Last Tuesday, the National Labor Relations Board (NLRB) published an anticipated Proposed Rule on joint employer status. The Proposed Rule, which is designed to apply for all purposes under the National Labor Relations Act (NLRA), including both union representation and unfair labor practice contexts, is important to businesses that rely on labor supplied by a

Employees Miffed by Your Monitoring of Company Devices? Give Notice Now to Hopefully Avoid Annoyance LaterWe’ve talked about social media policies several times over the years, but it’s been a while since we’ve discussed monitoring your employees’ work phones, emails, and internet usage. As you most likely know, you can and probably should monitor employees’ work phones, emails, and internet usage. You never know when someone outside the business will

President Biden Proclaims His Administration’s Policy to Encourage Worker Organizing and Collective BargainingPresident Biden issued his executive order on “Worker Organizing and Empowerment” on April 26, 2021. In it, he stated that “it is the policy of my Administration to encourage worker organizing and collective bargaining.” In the EO, President Biden noted that while the National Labor Relations Act states that it is the policy of the

Weeding Out Claims by Agricultural Workers – The NLRA, the Agricultural Exemption, and the Cannabis IndustryIn a recent Advice Response Memo, the National Labor Relations Board (NLRB) indicated that employees of a cannabis growing operation were exempt from the National Labor Relations Act (NLRA), meaning that the employees were not entitled to the NLRA’s protections. The employees had alleged that the cannabis operation interfered with their attempts to unionize,

Put ‘Em All Back in There: Federal Court Injunction Halts an Alleged Runaway ShopAlthough most employers don’t want a union in their workplace, the National Labor Relations Act (NLRA) is clear: You cannot interfere with union organizing efforts. A federal district court in Kentucky recently followed this rule and ordered a company to reopen a shuttered facility and rehire the workers affected by the closure. In NLRB v.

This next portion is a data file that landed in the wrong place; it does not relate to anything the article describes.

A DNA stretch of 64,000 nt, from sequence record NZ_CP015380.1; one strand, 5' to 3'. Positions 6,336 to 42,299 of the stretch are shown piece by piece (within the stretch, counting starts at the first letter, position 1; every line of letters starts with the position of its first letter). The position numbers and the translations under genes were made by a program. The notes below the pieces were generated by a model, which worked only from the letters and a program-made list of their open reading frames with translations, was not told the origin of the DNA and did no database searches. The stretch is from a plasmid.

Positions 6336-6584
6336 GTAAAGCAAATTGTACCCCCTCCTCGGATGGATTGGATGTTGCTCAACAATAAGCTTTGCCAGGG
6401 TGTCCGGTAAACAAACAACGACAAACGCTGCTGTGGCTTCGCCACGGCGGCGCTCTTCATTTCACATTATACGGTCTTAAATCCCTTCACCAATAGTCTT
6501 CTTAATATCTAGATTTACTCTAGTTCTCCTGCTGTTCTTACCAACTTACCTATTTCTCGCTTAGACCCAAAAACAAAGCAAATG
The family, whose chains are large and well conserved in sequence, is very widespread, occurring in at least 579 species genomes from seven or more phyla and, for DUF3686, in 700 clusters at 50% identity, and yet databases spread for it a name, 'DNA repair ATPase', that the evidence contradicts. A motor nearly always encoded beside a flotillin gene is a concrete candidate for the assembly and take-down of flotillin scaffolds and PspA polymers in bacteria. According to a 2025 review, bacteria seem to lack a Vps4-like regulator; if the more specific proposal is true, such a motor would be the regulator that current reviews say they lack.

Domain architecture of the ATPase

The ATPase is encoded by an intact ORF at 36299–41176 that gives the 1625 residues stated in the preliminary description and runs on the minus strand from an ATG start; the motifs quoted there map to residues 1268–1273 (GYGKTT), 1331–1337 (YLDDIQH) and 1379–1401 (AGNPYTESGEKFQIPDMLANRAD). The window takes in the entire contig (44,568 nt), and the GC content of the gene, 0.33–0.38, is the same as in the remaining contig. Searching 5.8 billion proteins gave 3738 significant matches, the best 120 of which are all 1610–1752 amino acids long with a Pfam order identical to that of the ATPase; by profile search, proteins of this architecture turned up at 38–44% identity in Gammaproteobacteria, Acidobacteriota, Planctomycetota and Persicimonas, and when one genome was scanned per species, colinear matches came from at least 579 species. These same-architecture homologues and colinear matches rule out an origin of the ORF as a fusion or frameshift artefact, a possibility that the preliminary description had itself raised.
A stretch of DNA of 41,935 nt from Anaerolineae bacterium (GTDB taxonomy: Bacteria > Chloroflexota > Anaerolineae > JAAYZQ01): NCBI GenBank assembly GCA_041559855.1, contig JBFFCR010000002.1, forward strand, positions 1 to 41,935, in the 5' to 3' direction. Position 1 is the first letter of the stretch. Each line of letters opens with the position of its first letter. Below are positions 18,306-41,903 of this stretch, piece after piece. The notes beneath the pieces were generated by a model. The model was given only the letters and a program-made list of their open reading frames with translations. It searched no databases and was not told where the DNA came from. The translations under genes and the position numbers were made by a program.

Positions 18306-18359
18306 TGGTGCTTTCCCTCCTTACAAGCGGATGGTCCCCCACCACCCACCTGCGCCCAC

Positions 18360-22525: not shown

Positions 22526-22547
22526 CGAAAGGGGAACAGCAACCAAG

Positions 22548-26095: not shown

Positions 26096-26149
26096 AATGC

Absolute Freedom to Tweet? Employers (and the NLRA) May Have Something to Say About ItDo you need a social media policy or are the legal obstacles just too much? Now more than ever, people are exercising their First Amendment right to free speech, which, not surprisingly, can cause heartburn at the workplace. In times of contention, stress, and uncertainty, speech often multiplies, and, in an era where someone’s speech

Political Speech, Conduct & Activity in the Workplace Amid A Social Justice MovementTraditionally, it has been taboo to discuss religion, politics, or divisive matters of public concern in the workplace. Most employers want the worksite to be about work and want to avoid controversial and potentially offensive discourse. However, in the current political climate, amid a global health pandemic, and the movement for social justice gaining unprecedented

National Labor Relations Board Reverses Another Obama-Era  Labor Board Ruling and Reinstates Historical Deferral DoctrineThe National Labor Relations Board in recent weeks has continued to overturn Board decisions from President Obama’s administration. In United Parcel Service, Inc., the current Republican-controlled Board returned to a long-standing legal standard for “deferring” unfair labor practices to private arbitration.

The Issue

Often when workers are disciplined, whether in a union or nonunion setting,

The NLRA, Protected Activity, and the F-BombWhen, if ever, is swearing at your supervisor or coworkers a federally protected activity? The National Labor Relations Board (Board) currently is reconsidering what constitutes protected activity under the National Labor Relations Act (NLRA). Specifically, the board is trying to clarify when workers can be protected from discipline for using profanity or engaging in harassing

But We Tried to Do It Right! Stand-Alone Misclassification of Independent Contractor May Not Be a ViolationRecently, the National Labor Relations Board (NLRB) issued another pro-employer decision, resolving an issue at the forefront of employment law, independent contractor classification.  In Velox Express, Inc. and Jeannie Edge, the NLRB determined that misclassification of an employee as an independent contractor alone does not violate the National Labor Relations Act (NLRA).

Background

Velox